FSS tweaks advisory panel

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FSS tweaks advisory panel

The Financial Supervisory Service (FSS) will enhance its advisory committee on reviewing sanctions on financial institutions and restrict participation of Financial Services Commission (FSC) officials to boost the committee’s independence.

The financial watchdog said Thursday it will implement a revised operation plan for the committee by June as part of efforts to boost transparency and legitimize decisions on sanctions.

The aim is to prevent confusion like what occured when the FSS overturned the committee’s recommendation on penalties for former executives of KB Financial Group in 2014.

At first, the committee, including FSC officials, recommended mild penalties for Lim Young-rok, former KB chairman, and Lee Kun-ho, former KB Kookmin Bank CEO. But Choi Soo-hyun, the former FSS governor, rejected the recommendation and issued stern punishments.

It was the first time an FSS governor didn’t accept the committee’s recommendation.

The FSS considers the committee an independent advisory body for the FSS chief, so it should not be influenced by the FSC.

“FSC officials’ voting rights will be minimized and limited to only when there is a tie,” said Seo Tae-jong, senior deputy governor of the FSS at a press briefing.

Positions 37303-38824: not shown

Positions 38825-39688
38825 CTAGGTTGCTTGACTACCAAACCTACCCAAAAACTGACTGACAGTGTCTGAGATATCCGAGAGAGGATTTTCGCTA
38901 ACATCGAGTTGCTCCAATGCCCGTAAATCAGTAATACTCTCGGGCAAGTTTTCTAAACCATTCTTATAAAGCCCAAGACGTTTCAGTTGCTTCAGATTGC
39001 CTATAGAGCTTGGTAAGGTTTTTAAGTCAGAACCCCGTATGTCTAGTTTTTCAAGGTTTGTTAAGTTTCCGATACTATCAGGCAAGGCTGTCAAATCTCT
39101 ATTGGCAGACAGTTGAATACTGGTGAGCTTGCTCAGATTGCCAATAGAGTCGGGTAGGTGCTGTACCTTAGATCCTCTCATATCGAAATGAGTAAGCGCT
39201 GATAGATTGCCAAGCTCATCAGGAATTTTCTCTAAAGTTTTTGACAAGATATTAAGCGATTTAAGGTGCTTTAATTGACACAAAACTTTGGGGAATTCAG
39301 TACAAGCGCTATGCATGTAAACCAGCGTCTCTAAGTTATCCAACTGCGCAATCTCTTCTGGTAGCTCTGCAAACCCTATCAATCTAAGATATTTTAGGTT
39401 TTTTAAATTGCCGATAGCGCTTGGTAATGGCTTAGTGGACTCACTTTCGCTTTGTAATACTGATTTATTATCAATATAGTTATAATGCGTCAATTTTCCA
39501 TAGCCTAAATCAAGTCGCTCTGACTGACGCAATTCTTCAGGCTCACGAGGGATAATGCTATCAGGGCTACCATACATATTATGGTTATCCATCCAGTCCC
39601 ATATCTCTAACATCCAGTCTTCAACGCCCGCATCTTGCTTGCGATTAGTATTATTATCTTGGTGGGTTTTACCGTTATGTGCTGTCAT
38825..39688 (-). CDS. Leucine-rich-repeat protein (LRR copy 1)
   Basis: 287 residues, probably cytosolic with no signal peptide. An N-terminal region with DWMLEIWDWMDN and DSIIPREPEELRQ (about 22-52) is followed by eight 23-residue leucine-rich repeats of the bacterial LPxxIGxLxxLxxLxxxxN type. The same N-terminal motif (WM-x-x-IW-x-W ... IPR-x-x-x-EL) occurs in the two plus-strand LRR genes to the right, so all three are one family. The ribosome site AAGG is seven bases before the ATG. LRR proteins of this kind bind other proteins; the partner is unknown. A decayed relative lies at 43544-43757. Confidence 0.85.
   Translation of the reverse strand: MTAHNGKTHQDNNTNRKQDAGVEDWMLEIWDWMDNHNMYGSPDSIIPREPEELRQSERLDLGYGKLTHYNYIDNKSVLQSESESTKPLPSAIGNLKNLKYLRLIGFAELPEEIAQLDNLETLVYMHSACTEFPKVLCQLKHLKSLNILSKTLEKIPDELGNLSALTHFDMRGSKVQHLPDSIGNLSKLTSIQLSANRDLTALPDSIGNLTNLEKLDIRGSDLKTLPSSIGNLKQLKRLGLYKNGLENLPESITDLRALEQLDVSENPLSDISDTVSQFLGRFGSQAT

The six-member committee will be expanded to 12 members and qualifications to become a member will be enhanced.

Financial and IT experts with more than 10 years of experience in the private sector will be eligible to serve on the committee

Discussions by the committee will be strictly confidential, and a minimum amount of information will be disclosed to the media if cases are considered to have a significant impact on society.

The FSS will appoint six more members by June.

But names of members who handle a particular issue will be kept secret to prevent them from being influenced by outside forces.

Multiple discussions of serious issues will be held in the shortest-possible period of time in order to help wrap up issues swiftly and minimize rumors and inefficient procedures that might delay the implementation of penalties, the FSS said.

Earlier this week, the FSS announced it will minimize intervention in the internal issues of financial institutions to give them more autonomy, but they will be strictly punished for any wrongdoing.

BY SONG SU-HYUN [ssh@joongang.co.kr]

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